Before we get started, let me say that you really should just stop reading this right now, get in your car, drive on down to your friendly neighborhood game store and get yourself a copy of Paperback. It’s a little difficult to get a copy, since first time designer Tim Fowers is self-publishing the game. So far be it from me to be the reason why you delayed your trip and missed the last copy. Go! Now! Quick!
Paperback is a delightful game. Without exaggeration, I believe this is a game that belongs in every gamer’s collection. Seriously, how did we get all the way to 2015 without a deckbuilding word game? How did no one think of this before? Well, bravo to Tim Fowers, who obviously DID think of it. And I am certainly glad he did, because I’m of the mind that deckbuilding and word games are as perfect a match as perhaps can exist in gaming.
Deckbuilding games are pretty simple in their execution. You start off with a small deck of low power cards and draw a certain number (in the case of Paperback, five) of cards. Then you play these cards in such a way that you can “buy” another more powerful card which is on offer in the middle of the table. All five of the cards in your hand plus the one you just bought then are placed in the discard pile where they will stay until you have no more draw pile. When your draw pile runs out, you shuffle up the entire discard pile and make a new draw pile. In the words of the legendary crooner Brian McKnight, “step 4: repeat steps 1 through 3.” Yes deckbuilders can get slightly repetitive.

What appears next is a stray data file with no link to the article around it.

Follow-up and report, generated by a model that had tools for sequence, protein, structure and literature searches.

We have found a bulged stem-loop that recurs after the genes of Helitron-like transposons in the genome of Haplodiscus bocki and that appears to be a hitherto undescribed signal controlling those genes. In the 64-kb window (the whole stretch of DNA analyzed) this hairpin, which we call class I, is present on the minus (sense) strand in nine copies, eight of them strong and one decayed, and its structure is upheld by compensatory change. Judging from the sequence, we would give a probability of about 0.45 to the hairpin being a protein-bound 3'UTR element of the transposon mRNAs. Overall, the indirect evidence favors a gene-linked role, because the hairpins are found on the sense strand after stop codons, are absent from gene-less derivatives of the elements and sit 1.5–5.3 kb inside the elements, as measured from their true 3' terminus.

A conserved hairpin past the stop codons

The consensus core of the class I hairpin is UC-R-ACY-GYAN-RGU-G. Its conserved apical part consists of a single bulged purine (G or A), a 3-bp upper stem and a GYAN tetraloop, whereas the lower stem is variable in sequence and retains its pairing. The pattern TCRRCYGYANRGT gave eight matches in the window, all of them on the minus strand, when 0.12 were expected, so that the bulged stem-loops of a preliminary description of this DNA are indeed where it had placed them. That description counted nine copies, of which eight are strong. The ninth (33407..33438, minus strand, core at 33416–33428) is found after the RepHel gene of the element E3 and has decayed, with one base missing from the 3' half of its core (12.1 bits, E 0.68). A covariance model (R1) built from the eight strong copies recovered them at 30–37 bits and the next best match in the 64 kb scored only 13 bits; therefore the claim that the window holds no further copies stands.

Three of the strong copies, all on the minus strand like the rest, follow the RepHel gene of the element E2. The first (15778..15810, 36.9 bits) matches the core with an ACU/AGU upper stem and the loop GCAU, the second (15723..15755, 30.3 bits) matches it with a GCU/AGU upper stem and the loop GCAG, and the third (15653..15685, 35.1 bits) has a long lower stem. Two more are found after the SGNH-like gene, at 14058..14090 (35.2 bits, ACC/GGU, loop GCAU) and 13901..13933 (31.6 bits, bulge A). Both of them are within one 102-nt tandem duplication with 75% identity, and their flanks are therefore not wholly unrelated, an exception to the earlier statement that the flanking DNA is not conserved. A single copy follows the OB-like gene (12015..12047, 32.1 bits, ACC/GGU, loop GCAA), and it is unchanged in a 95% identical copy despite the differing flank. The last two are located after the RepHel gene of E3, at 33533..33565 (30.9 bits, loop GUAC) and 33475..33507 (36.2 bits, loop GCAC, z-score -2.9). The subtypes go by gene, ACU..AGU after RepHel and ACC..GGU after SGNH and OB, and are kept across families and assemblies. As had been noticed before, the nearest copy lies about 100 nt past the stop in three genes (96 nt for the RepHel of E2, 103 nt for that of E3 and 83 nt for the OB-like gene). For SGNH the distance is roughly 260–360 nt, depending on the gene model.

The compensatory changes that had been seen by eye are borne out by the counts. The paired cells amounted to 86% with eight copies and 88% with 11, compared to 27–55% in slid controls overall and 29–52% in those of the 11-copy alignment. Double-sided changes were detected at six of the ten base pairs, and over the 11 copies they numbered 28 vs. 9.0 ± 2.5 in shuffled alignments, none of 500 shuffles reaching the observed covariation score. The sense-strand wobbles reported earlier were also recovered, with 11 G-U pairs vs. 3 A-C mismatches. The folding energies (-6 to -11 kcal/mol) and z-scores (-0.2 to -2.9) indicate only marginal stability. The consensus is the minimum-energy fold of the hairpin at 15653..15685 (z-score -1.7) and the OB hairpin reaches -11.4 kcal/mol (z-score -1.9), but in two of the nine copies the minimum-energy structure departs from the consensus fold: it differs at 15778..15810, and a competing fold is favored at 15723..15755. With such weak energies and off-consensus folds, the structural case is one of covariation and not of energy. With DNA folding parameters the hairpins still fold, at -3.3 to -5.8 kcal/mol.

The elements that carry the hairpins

Sooner or later you will begin to draw some of the better, more useful, more powerful cards that you purchased over the last turns. As you continue buying cards, you begin to build up your deck with cards that you believe will help you. As you compile more and more cards, you may want to get rid of some off those weaker starting cards so you can draw less of those and more of the stronger ones. Furthermore, at some point in the game, you will want to pivot from buying cards that are “useful” to the point-value cards that help you win. At the end of the game, you count up the point cards in your deck – most points is the winner. Voilà “deckbuilding.”